By John Phillips
I recently talked with avid angler
Bill Plantan of Rochester, Minn., who had asked himself a couple
of years ago why he should continue to drive his boat by 75
percent of some of the best fishing waters in the nation just
because he couldn't launch his boat in those waters.
can easily facilitate two anglers.
Today, Plantan uses a canoe he's
designed to fish streams and rivers that few other anglers ever
fish and guides clients to trout, smallmouth bass and muskie in
parts of Minnesota, Iowa and Wisconsin. His canoes enable
Plantan's clients to fish in areas most boat fishermen and wade
fishermen can't reach.
These canoes came about because
Plantan said to himself, "I think I can build a better canoe
than I can buy. When you fish in a river by yourself, you must
deal with both the current and the wind, a combination that can
keep you from maneuvering the canoe into your selected fishing
spot. Often the canoe will helicopter around in a circle."
Plantan decided he needed a
shorter, more maneuverable canoe that offered much less wind
resistance than the standard canoe did. Instead of concentrating
all the weight of the angler, the trolling motor and the battery
in the rear of the canoe, Plantan moved the battery to the front
of the boat to more evenly distribute the weight.
charger and rod holder are just a few options
Plantan also didn't like the
squared-off backs designed for trolling motors on many canoes.
"I always had much more
trouble maneuvering a square-backed canoe in the wind and heavy
current than I did a more traditional canoe," Plantan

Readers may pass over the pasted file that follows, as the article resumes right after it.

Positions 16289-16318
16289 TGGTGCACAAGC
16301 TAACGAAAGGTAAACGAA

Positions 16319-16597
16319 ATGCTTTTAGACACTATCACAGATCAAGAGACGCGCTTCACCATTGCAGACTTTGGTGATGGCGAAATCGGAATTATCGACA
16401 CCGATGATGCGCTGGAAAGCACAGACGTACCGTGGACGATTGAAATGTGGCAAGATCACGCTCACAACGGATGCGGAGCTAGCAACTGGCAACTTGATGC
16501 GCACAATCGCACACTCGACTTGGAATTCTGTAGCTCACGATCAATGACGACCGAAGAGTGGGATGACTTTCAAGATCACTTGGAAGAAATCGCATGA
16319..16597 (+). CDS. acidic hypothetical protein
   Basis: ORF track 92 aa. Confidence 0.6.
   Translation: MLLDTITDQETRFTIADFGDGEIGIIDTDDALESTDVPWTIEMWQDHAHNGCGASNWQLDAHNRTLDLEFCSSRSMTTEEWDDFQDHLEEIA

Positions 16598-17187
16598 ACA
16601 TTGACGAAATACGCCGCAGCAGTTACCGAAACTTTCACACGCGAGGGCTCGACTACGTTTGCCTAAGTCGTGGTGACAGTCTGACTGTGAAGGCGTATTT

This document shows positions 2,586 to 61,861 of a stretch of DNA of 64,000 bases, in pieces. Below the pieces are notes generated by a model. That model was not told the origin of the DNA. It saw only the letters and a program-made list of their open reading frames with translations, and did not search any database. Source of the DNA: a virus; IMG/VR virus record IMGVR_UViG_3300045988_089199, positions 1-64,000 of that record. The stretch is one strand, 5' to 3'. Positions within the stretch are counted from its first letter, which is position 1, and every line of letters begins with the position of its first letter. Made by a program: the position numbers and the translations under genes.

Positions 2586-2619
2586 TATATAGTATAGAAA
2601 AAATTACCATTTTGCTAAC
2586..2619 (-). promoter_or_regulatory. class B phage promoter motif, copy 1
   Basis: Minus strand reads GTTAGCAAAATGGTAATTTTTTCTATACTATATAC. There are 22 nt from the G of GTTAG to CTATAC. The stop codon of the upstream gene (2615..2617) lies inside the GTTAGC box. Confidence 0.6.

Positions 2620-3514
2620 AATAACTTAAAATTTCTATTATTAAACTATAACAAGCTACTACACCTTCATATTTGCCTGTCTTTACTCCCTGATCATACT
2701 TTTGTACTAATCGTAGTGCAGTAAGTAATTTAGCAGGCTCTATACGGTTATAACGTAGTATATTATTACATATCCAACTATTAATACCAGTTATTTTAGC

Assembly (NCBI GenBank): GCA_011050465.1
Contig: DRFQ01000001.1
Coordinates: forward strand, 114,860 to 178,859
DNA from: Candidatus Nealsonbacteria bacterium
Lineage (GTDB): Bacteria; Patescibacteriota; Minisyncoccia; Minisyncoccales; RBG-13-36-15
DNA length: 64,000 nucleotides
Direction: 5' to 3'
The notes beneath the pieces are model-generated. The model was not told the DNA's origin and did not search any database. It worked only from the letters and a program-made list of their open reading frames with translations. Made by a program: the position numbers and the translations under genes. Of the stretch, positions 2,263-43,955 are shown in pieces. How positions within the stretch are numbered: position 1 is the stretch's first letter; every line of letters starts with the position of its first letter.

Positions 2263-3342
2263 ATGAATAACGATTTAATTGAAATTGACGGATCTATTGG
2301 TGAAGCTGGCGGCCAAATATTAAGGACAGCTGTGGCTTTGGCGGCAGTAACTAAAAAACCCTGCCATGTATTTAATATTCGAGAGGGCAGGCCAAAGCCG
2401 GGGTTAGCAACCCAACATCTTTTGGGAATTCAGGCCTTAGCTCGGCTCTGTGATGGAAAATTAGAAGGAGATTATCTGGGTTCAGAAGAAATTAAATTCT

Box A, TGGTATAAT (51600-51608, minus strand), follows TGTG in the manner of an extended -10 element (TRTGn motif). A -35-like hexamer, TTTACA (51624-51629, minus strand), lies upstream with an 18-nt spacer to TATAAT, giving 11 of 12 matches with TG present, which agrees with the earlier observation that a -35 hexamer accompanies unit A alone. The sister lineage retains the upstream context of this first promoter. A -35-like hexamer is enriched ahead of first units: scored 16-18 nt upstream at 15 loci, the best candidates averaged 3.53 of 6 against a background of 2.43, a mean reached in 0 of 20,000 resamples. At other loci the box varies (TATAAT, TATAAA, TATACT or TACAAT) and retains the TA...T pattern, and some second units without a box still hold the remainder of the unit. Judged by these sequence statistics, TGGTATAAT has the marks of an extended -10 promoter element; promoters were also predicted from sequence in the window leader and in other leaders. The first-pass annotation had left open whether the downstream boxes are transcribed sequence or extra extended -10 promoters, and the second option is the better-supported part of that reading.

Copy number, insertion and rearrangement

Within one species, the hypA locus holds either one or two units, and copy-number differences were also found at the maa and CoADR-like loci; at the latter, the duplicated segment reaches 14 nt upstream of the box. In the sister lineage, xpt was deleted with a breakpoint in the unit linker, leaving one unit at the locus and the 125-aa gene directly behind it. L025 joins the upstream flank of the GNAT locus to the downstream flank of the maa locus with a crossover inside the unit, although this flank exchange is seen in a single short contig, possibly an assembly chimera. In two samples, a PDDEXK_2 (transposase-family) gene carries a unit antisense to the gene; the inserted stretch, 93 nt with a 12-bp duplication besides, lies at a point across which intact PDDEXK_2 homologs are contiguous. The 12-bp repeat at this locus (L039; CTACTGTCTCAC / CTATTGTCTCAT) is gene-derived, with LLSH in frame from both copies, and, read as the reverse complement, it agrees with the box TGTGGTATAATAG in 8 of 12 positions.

explained. "I felt that a better fishing canoe should have a
square steer plate and a full keel like a standard canoe.
"I wanted my canoe to feel as
comfortable as a bass boat. I made a bench-type seat that could
support a swivel seat similar to that of a bass boat. I also put
drink holders in the canoe to hold my soft drinks."
Squared-off backs for trolling motors.
Plantan also mounted his tackle
boxes in the interior of his canoe to keep his tackle handy and
built a device to hang up his scissors, his forceps and his pliers
in an out-of-the-way place. Plantan also built rod holders that
kept the fishing rods out of the way.
Plantan knew the importance of the
angler having protection from the sun and the rain. He found a
wide umbrella that would keep him dry and cool while he fished and
mounted it on a fiberglass pole that wouldn't act as a lightning
rod. The height of the umbrella allowed Plantan to cast from
As Plantan has developed the ideas
for his canoe, the demand for his custom canoes has grown.
"Our company designs every
canoe that we build especially for one customer. We don't build
the canoe until a customer gives us an order and tells us what
features and accessories he wants in his canoe.
The canoe is currently available with
the following interior
colors: Med Brown, Hunter Bronze, Buckskin
Tan and Custom Camo
"One of our Florida clients
designed a floor rack to keep his feet and equipment dry when rain
water filled the bottom of the canoe. We also developed a bilge
pump to drain the water out of the bottom of the canoe."
When one customer started using his
canoe to duck hunt, Plantan developed a blind to fit on the canoe.
"Instead of making a 15- or a
16-foot canoe, we've built these customized water-fowling canoes
that weigh only 85 pounds each just 12-feet long. These canoes
won't sink because we've built flotation into the hull."